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Comment: Re:NCSA should lose it's NSF funding anyway. (Score 3, Informative) 39

by Dop (#43298973) Attached to: 'Blue Waters' Supercomputer Lucky To Exist

I will not comment on the originally submitted system (IBM) vs what was installed and the reasons behind that. However...

As a former employee of NCSA, I think I can shed a little light on this, at least from the employment side. To my knowledge, they never fired an admin, at least not recently (largely because firing people at the University of Illinois is extremely difficult, even when it's totally justified in some cases). Certain admins left for better opportunities, but I can hardly blame them.

You mention both Cray and NCSA having issues finding new folks. That's two-fold in my opinion. Very few people _want_ to move to Champaign, IL. You have to be the kind of person that wants to live in a college town that's a good 2 hours from a big city, surrounded by corn fields, and has shitty winters (oddly I'm that person). In addition to that, partly because of the horrible State of Illinois budget issues and the fact that NCSA is a department of the UofI, they don't pay market rate for qualified individuals. They used to justify this by really good benefits, but those have all been eroded.

In a market where the best of the best (often working remotely from wherever they want) are making more than NCSA managers, it's no wonder they can't find anyone to fill technical positions. I'm not sure if other NSF funded institutions are in any better shape. Would Blue Waters really be better off at another location? I'm not sure.

All that said, I'm extremely grateful for my time at NCSA and the amount I was able to learn with state of the art technology. It's just that working will cool stuff (and great people) doesn't pay the bills anymore.

Comment: Re:person to person = best communication method (Score 1) 230

by Dop (#39257099) Attached to: Building a Case For Telecommuting

I agree that the meetings don't always work well, I think you're 100% right on that. However, we're talking about Fortune 100 companies that aren't necessarily in any financial trouble, it's just difficult to manage that many employees. It's not physically possible for all of the employees to be in one location.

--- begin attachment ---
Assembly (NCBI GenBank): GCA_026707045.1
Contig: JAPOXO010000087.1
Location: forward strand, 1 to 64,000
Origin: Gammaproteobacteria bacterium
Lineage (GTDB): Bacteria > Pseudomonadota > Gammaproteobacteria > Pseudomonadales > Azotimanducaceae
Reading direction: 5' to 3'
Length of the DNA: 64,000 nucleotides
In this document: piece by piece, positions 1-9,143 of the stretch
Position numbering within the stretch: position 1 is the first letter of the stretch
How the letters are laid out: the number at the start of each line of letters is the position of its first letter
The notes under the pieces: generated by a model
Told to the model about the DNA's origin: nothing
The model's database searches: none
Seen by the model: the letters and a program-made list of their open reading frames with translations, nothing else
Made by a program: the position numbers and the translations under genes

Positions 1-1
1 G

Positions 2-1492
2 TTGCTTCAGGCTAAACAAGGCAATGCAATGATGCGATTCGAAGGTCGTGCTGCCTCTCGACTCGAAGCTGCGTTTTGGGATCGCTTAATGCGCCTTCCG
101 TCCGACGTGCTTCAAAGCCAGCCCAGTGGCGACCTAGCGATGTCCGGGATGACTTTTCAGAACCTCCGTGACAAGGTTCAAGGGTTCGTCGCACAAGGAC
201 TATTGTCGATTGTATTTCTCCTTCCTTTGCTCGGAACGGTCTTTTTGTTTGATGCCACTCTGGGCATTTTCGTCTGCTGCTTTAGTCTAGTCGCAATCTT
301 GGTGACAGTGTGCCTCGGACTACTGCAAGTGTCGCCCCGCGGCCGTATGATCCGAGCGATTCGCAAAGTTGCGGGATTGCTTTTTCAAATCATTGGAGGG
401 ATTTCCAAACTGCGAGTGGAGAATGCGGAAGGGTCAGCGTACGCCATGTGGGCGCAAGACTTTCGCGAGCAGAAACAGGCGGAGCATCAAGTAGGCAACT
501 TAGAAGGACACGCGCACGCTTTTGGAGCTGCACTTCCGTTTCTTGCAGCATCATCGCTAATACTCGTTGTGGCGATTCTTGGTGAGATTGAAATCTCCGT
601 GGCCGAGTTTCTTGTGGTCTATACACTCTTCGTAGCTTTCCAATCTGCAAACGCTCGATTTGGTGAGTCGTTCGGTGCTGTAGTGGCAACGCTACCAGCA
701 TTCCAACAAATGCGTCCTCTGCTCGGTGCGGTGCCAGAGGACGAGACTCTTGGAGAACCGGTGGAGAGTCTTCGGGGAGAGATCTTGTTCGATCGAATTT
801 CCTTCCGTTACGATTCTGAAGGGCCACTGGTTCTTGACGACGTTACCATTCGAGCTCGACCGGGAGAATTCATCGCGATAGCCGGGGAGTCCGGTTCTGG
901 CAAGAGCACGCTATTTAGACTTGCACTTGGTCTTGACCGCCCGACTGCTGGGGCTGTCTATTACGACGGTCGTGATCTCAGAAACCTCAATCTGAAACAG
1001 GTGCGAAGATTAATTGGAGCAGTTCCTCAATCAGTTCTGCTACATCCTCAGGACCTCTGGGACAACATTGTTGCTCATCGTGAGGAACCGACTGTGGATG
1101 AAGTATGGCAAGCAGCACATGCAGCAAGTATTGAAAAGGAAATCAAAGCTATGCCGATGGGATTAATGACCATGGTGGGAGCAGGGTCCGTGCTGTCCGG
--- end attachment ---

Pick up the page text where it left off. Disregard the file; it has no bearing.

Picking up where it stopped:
My premise is, given meetings of that nature, why not telecommute?

Comment: Re:Ready, fire, aim (Score 1) 529

by Dop (#38227630) Attached to: Anonymous Threatens Robin Hood Attacks Against Banks

Heh. I was a victim of paper check fraud as well. At one store the clerk asked the thief for their driver's license, wrote down the crook's real DL#, and still accepted my check even though the names didn't match. Even if it were law (maybe it is?) the clerks are too lazy to pay attention and half the time they know the criminal and are in on the deal.

Walmart's collection agency was the worst. They had all these hoops they wanted us to jump through to prove it was a fraudulent charge, we filled it all out twice, referred them to the Detective in charge of our case, etc. The collections agency still wouldn't drop it. Finally they threatened that if we didn't pay they'd hand the case over to their lawyers. I responded "please do" and that's the last we heard from them.

Comment: Sometimes.. (Score 1) 314

by Dop (#37527332) Attached to: Ask Slashdot: Successful Software From Academia?

Being formerly from a research institution I can say it happens... sometimes. Usually the people in charge of the project realize they can make money at it and spin off a company.

Other times, really excellent software, that would be great for the community, goes absolutely nowhere because there isn't an easy path to profit. Once the grant money ends, the project dies. Then other groups write more proposals to solve the same problem over and over because there's nothing in the market.

"An open mind has but one disadvantage: it collects dirt." -- a saying at RPI

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